Report: British North Sea Energy Output to Fall More than Expected
LONDON, Aug 21 (Reuters) – Britain's North Sea energy output will fall this year more sharply than forecast in February as ageing fields grow less productive and need more maintenance, and it will not start to pick up until 2015, Oil & Gas UK said.
The industry association also highlighted in a report on Wednesday that the production efficiency of existing North Sea oilfields "remains in worrying decline" despite an upsurge in investment this year.
Drops in oil and gas output have held back Britain's economy in recent years, hitting attempts to stimulate growth, which is expected to be a major issue in the 2015 general election. The body's forecasts disappoint expectations for the pace of a revival.
The group said it now expected production of between 1.2 million and 1.4 million barrels of oil equivalent per day (boepd) this year, with similar output in 2014, before an improvement begins.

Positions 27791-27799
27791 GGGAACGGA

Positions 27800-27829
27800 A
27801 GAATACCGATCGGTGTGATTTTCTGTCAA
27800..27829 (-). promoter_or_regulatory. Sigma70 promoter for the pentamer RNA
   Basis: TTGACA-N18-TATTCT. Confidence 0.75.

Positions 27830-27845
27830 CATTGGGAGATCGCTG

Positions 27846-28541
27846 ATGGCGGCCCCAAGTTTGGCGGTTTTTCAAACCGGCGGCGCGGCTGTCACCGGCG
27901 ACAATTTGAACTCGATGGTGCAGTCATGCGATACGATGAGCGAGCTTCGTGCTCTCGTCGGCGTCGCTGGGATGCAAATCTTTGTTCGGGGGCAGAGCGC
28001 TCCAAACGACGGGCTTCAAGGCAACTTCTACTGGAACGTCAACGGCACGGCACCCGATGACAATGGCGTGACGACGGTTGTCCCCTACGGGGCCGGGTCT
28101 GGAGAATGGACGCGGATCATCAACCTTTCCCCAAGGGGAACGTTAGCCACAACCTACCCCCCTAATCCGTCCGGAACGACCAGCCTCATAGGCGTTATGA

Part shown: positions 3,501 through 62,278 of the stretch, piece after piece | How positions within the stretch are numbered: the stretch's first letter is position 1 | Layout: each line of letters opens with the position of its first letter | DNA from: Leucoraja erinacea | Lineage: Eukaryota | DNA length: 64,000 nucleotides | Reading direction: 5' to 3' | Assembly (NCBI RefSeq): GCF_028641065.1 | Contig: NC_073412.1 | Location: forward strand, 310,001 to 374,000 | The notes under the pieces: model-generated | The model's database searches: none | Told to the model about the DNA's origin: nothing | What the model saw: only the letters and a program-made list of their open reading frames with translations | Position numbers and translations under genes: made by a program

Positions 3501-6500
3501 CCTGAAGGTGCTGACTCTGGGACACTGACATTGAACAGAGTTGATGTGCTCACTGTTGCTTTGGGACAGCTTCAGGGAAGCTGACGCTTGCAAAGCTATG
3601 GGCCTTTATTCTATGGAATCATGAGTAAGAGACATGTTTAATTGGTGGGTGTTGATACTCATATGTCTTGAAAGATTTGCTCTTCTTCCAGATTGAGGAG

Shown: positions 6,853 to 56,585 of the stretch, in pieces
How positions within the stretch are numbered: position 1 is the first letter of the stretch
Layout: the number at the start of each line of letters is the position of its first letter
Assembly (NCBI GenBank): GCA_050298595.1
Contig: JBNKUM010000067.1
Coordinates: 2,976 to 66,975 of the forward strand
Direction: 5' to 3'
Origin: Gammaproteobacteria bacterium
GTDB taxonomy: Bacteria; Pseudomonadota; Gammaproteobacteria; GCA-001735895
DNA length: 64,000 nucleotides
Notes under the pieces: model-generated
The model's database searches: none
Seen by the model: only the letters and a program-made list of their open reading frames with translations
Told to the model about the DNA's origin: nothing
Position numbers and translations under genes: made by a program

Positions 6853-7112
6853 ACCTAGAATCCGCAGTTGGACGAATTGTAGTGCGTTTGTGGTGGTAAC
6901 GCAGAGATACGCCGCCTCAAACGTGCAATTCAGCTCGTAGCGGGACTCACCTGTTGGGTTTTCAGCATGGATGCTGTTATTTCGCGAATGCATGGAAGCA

In February it had forecast that Britain would pump 1.45 to 1.5 million boepd this year before production would start to climb in the 2014-17 period, representing the first rise since 1999.
Oil and gas production has fallen by about two thirds since 2000, posting particularly steep falls of 14.5 percent last year and 18 percent in 2011.
In its annual economic report, Oil & Gas UK also softened its medium-term outlook for North Sea production to reach 2 million boepd by 2017, to say it could "potentially" rise towards that level in three years' time.
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